What Is Premenstrual Dysphoric Disorder (PMDD)?

What Is Premenstrual Dysphoric Disorder (PMDD)?

PMS is pretty much known to be the worst. There’s the mood swings, the cramps, the cravings…now double all of that, and you’ve basically got PMDD. PMDD stands for “premenstrual dysphoric disorder,” and is often conflated with regular PMS. However, PMDD is actually a lot more debilitating and tends to be much less talked about than PMS.


According to WebMD, between 2-10% of people who menstruate suffer from PMDD. There’s a pretty large gap between those percentages, but even if the number of people who suffer from PMDD is as low as 2%, that’s still quite a large chunk of people. Despite this, there still has not been many studies done on the disorder; many doctors are completely uninformed on PMDD, and simply brush it off as PMS. From the little knowledge we have on PMDD, WebMD states that PMDD is connected to “the hormonal changes” that arise near a person’s period and is also linked with a drop in serotonin levels.

What makes PMDD different from normal PMS is the severity of the symptoms. For example, a person with PMS may experience the occasional mood swing and moderate cramps before their period. A person with PMDD, however, tends to experience much more intense mood swings, feelings of depression, anxiety, tension, irrationality, and severe cramps and muscle pain. PMDD can also cause a lack of focus and hope, heavy fatigue, and typical depressive symptoms such as disinterest in activities, trouble sleeping, and changes in appetite.

Another key symptom of PMDD, again from WebMD, is the feeling of being “out of control,” or completely overwhelmed. This can make PMDD especially difficult, since not only do you feel depressed, anxious, and in physical pain, you’re also more likely to feel totally overwhelmed by both the symptoms and everything else around you.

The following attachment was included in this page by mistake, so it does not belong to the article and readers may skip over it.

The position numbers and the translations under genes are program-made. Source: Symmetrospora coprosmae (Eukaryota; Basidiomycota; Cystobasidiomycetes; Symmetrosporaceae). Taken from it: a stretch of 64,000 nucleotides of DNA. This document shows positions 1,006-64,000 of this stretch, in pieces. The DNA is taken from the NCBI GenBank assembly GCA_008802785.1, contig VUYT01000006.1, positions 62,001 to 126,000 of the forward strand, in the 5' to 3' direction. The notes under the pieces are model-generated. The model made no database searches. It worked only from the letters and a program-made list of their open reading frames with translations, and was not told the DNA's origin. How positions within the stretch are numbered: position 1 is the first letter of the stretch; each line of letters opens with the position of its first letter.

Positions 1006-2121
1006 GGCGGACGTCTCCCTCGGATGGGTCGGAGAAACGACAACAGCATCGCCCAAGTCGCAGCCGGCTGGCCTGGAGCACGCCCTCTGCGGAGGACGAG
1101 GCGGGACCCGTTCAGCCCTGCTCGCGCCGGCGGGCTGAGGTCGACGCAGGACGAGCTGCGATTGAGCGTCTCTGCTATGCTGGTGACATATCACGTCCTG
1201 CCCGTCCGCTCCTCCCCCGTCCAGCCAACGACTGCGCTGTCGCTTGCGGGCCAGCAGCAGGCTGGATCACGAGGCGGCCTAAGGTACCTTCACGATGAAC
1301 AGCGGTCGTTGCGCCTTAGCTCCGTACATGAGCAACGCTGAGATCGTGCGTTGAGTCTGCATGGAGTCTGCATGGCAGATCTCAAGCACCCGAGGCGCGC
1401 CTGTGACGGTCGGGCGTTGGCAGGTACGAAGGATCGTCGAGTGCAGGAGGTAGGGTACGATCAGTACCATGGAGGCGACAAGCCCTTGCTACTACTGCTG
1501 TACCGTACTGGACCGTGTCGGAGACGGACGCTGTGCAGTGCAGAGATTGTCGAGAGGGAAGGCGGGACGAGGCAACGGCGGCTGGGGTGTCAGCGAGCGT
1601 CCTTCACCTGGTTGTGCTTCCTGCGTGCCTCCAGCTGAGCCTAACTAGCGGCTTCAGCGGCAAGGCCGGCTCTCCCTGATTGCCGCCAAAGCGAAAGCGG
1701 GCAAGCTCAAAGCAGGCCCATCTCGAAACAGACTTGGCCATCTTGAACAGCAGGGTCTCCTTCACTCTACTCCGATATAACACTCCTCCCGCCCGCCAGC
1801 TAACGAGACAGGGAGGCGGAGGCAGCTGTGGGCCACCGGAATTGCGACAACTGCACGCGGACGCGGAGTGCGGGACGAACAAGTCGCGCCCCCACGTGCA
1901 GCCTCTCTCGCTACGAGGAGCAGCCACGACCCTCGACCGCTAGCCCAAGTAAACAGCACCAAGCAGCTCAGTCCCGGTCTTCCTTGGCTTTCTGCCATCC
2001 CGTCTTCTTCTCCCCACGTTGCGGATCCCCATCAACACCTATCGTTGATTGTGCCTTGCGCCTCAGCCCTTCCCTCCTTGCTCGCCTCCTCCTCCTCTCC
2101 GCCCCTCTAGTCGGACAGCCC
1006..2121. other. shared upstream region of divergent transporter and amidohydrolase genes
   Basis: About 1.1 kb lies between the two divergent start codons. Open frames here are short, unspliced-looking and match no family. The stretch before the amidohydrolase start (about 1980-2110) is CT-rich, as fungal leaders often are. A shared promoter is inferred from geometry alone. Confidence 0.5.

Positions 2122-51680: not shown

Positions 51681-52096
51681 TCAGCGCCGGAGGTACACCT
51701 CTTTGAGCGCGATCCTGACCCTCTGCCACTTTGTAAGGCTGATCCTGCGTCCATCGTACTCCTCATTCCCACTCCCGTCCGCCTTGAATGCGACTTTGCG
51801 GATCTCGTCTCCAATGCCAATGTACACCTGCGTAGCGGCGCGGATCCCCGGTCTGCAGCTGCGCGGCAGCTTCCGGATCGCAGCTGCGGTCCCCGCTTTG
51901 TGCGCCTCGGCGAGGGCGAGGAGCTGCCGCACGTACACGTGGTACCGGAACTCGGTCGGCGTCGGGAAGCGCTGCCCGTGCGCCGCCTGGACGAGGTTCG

Luckily, there are treatment options for PMDD, even if they’re not the most researched. Your doctor can prescribe antidepressants that boost serotonin levels, or, if you already take those, some doctors will prescribe extra to up your intake the week before your period, which is usually when PMDD starts. Birth control can also be prescribed to help regulate hormones. Natural alternatives include regular exercise and sticking to a healthy, balanced diet, supplemented by vitamins like E and B6. Cutting out caffeine is also suggested, which can increase anxiety, as well as “salt, refined sugar, and alcohol.”

If you struggle with PMDD and the above methods aren’t helping, you may also want to look into therapy. This can help diagnose any underlying issues that could be worsening PMDD’s emotional symptoms, and will give you a safe space to discuss the issues you’ve been facing. Because hormones cause PMDD, it can make you feel like you have no control over how your body reacts. This is incredibly frustrating; nobody likes not having control over their emotional and physical responses, even if that loss of control is only temporary.

As more people learn about PMDD, hopefully more research will go into what causes the disorder, and more treatment options will be made available.

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